The people that have been the least enthusiastic about my songs are the Boston fans when I wrote the “Shady Brady” song. I received many, many emails from them making sure I had a “day job”… and those were the nice ones! I also received a lot of negative emails from Kentucky fans earlier this year when I wrote a song describing how awful they were doing at the start of the season. I had written nothing but positive songs about Kentucky before so people didn’t appreciate me “turning on the team”, although I didn’t see it that way. I was just being honest. For the most part, though, I have received much more positive email regarding the songs than negative… even from Boston fans.
From the Backpack ~ Originally posted March 2, 2008


September 20, 2009
Whenever I write about the smallest, tiniest detail, it’s a way of checking out whether I’m the only one who has experienced these things/felt these things.  The answer is almost always “no.”  I am one of many. This establishes an instant connection for me with people that I’d not be able to connect with otherwise, as my abilities at small talk are not as polished as I would like them to be.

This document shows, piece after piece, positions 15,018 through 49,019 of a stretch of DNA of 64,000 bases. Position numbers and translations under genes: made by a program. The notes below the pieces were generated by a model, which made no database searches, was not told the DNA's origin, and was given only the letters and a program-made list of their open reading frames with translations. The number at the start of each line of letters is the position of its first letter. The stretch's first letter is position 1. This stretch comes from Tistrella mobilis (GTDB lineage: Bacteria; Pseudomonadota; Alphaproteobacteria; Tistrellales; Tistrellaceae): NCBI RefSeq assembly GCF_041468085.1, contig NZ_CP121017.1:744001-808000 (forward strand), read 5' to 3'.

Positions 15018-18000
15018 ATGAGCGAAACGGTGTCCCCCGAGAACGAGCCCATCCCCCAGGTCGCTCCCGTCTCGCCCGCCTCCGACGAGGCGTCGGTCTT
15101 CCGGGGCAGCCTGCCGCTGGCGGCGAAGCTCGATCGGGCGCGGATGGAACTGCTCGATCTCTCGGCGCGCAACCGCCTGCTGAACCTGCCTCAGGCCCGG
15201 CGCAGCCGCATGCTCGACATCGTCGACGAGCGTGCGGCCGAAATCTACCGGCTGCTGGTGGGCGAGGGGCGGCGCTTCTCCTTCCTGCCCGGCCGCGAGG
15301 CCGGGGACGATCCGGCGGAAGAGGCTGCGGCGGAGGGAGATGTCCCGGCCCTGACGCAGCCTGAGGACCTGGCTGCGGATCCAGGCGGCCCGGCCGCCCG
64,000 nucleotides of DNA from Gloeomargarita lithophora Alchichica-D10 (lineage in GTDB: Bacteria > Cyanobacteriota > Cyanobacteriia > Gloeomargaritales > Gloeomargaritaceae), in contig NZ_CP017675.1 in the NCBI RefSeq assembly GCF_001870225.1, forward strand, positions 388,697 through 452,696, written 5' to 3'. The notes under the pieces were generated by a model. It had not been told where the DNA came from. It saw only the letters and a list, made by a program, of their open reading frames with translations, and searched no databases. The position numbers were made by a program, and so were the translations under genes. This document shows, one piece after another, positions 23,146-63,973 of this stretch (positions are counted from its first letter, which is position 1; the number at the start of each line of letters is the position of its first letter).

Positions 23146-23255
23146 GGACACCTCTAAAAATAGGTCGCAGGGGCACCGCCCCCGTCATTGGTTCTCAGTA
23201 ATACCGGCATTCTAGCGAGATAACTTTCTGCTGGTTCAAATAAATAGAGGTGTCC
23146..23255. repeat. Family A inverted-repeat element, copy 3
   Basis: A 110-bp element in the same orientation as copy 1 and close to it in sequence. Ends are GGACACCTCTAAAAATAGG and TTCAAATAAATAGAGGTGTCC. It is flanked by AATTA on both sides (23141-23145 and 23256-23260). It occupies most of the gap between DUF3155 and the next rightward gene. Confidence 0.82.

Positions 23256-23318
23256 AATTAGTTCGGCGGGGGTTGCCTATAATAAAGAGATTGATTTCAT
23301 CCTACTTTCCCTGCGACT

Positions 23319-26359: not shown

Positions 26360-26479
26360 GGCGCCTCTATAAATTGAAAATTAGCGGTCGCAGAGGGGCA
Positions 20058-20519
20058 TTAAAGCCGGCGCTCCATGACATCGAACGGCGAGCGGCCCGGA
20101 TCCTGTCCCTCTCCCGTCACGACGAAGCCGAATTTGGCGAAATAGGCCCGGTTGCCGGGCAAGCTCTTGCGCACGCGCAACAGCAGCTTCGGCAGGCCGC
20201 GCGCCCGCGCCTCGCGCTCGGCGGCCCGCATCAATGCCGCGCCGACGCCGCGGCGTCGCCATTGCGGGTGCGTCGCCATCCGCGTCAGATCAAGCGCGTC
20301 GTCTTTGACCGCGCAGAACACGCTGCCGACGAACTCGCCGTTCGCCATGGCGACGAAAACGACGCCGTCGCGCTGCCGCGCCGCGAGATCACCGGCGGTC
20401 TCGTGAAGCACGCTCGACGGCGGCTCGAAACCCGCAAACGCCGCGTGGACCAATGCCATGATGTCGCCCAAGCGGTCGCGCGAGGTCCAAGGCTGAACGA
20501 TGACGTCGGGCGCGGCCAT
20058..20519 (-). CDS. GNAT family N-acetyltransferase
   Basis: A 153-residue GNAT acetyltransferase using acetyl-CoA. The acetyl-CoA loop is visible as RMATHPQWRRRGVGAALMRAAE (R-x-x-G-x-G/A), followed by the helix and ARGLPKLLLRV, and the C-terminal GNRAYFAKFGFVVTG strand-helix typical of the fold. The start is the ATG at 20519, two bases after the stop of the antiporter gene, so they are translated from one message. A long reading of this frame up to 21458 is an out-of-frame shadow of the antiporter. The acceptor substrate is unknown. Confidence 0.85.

From the Backpack ~ Originally posted June 1, 2006


March 19, 2009
Most journalists “look” for book ideas because, well, we like the idea of writing books, and also like the idea of fantasizing about a best-seller. But unless you have the words “Harry'” and “Potter” in your title, it’s unlikely you’re going to make much money off a book. If you spent the same amount of hours at a job where you say, “Do you want fries with that” you’d often make more money.
From the Backpack ~ Originally posted July 9, 2006


February 24, 2009
Years ago, if you had asked, I would have immediately told you I had no desire to look into television. Then about six or seven years ago, the Craft brand began to consider reaching out beyond New York. I still can recall in season one of Top Chef we were getting feedback like “Who’s Colicchio?” and comments about how they had never seen me on the Food Network.